>your JGR paper.
>
>do you have any idea why you are not reconstructing the full magnitude of
>the 20th century rise? it certainly can not be attributable to low
>sensitivity of your index, for it is very "excitable" in the earlier part
>of the record.

We have thought about this in some detail, and also tested a few things
out. The correlation between the tree-density series and the observed
temperature series is stronger at the longer timescales (e.g. for decadally
smoothed data) than for shorter timescales (sub-decadal). Since the
regression slope (and hence the variance of the reconstruction) is always
reduced in situations where the correlation is poor, it seems that the
poorer performance at the shorter timescales has degraded the overall
variance of our reconstruction and hence resulted in a smaller magnitude of
early 20th century warming in the reconstruction. We have attempted to
create an alternative reconstruction, where we calibrate separately on the
high and low frequencies, and this results in a noticeably greater early
20th century warming. However, the degrees of freedom for the decadal
calibration are rather few, due to the smoothing, and therefore it is very
easy to overfit the decadal component of the reconstruction. We have a
paper describing this study coming out soon in Dendrochronologia - let me
know if you'd like a preprint/reprint.

>also can you send me the unsmoothed Jones et al NH land Ap-Sept time series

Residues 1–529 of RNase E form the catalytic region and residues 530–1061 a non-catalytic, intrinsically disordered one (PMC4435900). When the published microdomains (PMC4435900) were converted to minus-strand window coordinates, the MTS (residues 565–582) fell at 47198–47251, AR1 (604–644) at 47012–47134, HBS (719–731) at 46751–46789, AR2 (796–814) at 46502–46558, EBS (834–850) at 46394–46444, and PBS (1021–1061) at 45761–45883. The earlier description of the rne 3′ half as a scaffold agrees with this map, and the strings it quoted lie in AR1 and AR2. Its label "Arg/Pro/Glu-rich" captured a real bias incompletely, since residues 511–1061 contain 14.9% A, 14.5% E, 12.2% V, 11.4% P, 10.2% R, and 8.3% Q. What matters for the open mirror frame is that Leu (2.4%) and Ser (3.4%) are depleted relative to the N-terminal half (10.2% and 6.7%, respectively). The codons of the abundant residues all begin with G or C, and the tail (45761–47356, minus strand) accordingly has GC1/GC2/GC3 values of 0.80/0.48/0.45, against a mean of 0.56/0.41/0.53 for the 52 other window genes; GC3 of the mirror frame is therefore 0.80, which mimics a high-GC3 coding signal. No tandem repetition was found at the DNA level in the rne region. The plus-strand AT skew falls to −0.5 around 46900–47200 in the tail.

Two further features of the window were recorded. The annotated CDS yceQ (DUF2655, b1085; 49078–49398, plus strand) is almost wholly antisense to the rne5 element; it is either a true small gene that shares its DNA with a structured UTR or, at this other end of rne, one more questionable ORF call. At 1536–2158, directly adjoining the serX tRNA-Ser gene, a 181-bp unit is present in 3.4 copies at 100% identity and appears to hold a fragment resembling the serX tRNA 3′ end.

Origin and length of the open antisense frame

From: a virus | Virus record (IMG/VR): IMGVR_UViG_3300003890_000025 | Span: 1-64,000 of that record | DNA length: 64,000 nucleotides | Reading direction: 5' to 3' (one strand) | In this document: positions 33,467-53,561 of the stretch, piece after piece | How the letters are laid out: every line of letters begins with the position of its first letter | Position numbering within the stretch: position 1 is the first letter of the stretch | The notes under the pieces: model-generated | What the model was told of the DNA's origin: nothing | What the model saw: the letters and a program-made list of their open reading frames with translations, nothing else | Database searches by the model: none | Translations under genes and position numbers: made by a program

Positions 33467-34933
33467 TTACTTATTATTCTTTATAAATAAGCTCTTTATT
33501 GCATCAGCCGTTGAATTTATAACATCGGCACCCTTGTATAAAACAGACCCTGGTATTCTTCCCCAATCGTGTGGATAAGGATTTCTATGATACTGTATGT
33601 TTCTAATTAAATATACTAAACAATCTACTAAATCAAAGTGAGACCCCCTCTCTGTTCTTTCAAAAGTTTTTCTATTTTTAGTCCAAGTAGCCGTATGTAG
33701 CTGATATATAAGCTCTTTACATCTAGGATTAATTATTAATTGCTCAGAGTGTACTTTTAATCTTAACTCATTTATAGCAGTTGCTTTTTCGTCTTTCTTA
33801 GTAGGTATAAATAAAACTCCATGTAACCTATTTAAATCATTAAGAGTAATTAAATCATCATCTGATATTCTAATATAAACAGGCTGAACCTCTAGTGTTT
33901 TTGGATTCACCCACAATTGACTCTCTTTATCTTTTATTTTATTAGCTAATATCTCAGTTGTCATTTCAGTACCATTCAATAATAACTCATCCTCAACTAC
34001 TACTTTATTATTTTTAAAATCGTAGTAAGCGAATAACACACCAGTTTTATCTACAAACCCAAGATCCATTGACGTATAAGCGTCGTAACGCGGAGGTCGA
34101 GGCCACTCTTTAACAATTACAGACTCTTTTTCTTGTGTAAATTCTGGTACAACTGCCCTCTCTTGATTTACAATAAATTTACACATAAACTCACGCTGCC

>you used so I can be sure I am using the same observations you are?

The file is attached (Apr-Sep land north of 20N), as anomalies in degrees C
from the 1961-1990 reference period mean. We only use 1881-1960 for our
final calibration.

Best regards

Tim





138
1860 -0.14
1861 -0.16
1862 -0.18
1863 0.03
1864 -0.28
1865 0.28
1866 -0.05
1867 -0.42
1868 0.38
1869 0.09
1870 0.19
1871 -0.22
1872 0.31
1873 -0.25
1874 -0.05
1875 -0.31
1876 -0.11
1877 -0.27
1878 0.26
1879 -0.28
1880 -0.10
1881 -0.14
1882 -0.38
1883 -0.39
1884 -0.71
1885 -0.59
1886 -0.25
1887 -0.22
1888 -0.45
1889 -0.21
1890 -0.27
1891 -0.42
1892 -0.31
1893 -0.35
1894 -0.21
1895 -0.22
1896 -0.20
1897 0.02
1898 -0.20
1899 -0.22
1900 -0.09
1901 0.02
1902 -0.63
1903 -0.60
1904 -0.57
1905 -0.31
1906 -0.06
1907 -0.80
1908 -0.42
1909 -0.48
1910 -0.35
1911 -0.28
1912 -0.70
1913 -0.54
1914 -0.31
1915 -0.27
1916 -0.40
1917 -0.46
1918 -0.49
1919 -0.23
1920 -0.14
1921 0.09
1922 -0.03
1923 -0.30
1924 -0.19
1925 -0.02
1926 -0.28
1927 -0.07
1928 -0.28
1929 -0.23
1930 0.05
1931 0.04
1932 0.15
1933 -0.06
1934 0.05
1935 -0.12
1936 0.17
1937 0.27
1938 0.38
1939 0.19
1940 0.08
1941 -0.05
1942 0.00
1943 0.23
1944 0.19
1945 0.01
1946 0.14
1947 0.12
1948 0.21
1949 0.02
1950 -0.09
1951 0.14
1952 0.20
1953 0.33
1954 -0.01
1955 0.06
1956 -0.33
1957 -0.07
1958 -0.07
1959 0.11
1960 -0.02
1961 0.15
1962 0.05
1963 0.02
1964 -0.23
1965 -0.35
1966 -0.06
1967 -0.01
1968 -0.18
1969 -0.20
1970 -0.02
1971 -0.14
1972 -0.30
1973 0.05
1974 -0.10
1975 0.19
1976 -0.23
1977 0.23
1978 -0.13
1979 -0.08
1980 0.07
1981 0.32
1982 -0.00
1983 0.18
1984 0.03
1985 0.01
1986 0.07
1987 0.11
1988 0.50
1989 0.37
1990 0.50
1991 0.49
1992 -0.19
1993 -0.00
1994 0.60
1995 0.54
1996 0.11
1997 0.42

Dr Timothy J Osborn | phone: +44 1603 592089
Senior Research Associate | fax: +44 1603 507784
Climatic Research Unit | e-mail: t.osbornatXYZxyz.ac.uk
School of Environmental Sciences | web-site:
University of East Anglia __________| http://www.cru.uea.ac.uk/~timo/
Norwich NR4 7TJ | sunclock:
UK | http://www.cru.uea.ac.uk/~timo/sunclock.htm